You won’t have to fight your instrument to get a good sound. And you won’t risk having that struggle be the thing that makes you quit playing.

Mendini Piccolo Alternatives

So you’re interested in more piccolo brands, but you don’t know what Mendini piccolo alternatives to consider. Here are some of the best brands and models for students.

Yamaha YPC-32

The Yamaha YPC-32 is most similar to the metal and plastic Mendini. However, Yamaha piccolos are much more popular, especially among students.

While I’ve never played this specific model, I know multiple people who have. They all sound great on this piccolo, and it’s a super durable model as well.

You should give this one a try, particularly if you have and love a Yamaha flute. You’ll get the same quality and response you expect from Yamaha instruments.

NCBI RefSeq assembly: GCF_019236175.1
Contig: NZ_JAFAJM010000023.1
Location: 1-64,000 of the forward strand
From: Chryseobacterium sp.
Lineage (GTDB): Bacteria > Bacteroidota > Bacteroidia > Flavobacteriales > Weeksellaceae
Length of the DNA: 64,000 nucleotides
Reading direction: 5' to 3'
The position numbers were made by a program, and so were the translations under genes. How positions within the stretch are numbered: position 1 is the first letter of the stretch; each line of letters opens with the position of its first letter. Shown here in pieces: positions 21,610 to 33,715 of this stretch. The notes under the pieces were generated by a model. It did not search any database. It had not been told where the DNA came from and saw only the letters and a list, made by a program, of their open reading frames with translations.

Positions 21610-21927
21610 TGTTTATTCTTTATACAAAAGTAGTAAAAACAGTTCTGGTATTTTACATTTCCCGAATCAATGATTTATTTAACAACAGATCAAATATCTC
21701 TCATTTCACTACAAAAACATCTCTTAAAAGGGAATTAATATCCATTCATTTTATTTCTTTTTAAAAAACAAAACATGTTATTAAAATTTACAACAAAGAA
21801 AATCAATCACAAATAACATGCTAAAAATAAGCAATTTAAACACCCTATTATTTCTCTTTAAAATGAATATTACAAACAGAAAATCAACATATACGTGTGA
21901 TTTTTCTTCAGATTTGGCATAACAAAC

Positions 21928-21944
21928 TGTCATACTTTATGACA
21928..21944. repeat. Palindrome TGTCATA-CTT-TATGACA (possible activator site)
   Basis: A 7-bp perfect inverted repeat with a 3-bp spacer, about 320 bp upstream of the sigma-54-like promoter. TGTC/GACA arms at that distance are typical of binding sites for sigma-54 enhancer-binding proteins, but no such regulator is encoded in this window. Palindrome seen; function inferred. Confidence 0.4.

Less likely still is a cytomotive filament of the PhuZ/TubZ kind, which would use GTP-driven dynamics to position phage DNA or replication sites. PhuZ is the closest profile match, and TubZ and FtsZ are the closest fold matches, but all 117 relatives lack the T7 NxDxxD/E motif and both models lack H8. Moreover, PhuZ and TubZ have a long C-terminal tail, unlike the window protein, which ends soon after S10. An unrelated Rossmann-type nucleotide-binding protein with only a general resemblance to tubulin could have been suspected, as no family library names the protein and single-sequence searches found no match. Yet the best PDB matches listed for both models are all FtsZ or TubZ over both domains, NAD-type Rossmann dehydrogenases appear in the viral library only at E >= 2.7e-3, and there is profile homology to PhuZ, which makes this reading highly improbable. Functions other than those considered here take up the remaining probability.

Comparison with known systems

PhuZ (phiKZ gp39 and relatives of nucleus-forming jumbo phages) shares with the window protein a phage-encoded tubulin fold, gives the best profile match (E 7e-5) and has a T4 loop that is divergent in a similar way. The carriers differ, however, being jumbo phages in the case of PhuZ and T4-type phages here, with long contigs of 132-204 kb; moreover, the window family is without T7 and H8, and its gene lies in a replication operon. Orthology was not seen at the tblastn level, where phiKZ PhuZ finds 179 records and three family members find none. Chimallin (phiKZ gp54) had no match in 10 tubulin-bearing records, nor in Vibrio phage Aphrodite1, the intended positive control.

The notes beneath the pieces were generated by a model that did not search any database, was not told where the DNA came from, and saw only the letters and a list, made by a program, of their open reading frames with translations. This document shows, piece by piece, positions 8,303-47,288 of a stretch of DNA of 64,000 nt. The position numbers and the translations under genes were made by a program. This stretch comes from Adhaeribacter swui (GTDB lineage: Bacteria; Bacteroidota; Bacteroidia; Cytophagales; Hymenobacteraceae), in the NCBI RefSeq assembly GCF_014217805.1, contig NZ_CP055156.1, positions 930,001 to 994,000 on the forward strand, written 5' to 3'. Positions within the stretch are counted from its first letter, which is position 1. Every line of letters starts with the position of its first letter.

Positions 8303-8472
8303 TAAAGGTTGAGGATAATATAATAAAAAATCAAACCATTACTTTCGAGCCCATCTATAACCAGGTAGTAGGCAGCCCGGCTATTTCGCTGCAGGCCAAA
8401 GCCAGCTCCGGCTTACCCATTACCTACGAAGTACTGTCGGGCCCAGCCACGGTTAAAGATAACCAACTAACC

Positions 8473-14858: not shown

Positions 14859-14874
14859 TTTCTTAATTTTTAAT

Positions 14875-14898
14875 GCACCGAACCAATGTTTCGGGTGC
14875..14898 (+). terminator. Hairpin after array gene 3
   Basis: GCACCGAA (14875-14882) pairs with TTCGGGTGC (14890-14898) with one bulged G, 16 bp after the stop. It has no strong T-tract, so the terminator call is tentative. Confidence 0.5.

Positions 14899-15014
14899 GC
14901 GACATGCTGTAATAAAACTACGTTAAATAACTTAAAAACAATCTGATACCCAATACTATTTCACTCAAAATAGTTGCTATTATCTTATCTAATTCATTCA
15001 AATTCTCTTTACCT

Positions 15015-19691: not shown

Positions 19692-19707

Jupiter JPC1000

Another option worth trying is the Jupiter JPC1000. It’s about the same price as the Yamaha, and it has all of the same specs, from the metal headjoint to the plastic body.

Like the Yamaha, I also haven’t played this model myself. However, Jupiter is a well-known and trustworthy brand, so it’s a good option to consider for students.

You can get a good response and a nice tone from the instrument. Then, you’ll enjoy playing and learning the basics of the smaller flute.

Pearl 105

If you want a composite piccolo instead, consider the Pearl 105. It’s both an alternative to the Mendini as well as a nice upgrade if you start on the cheaper brand.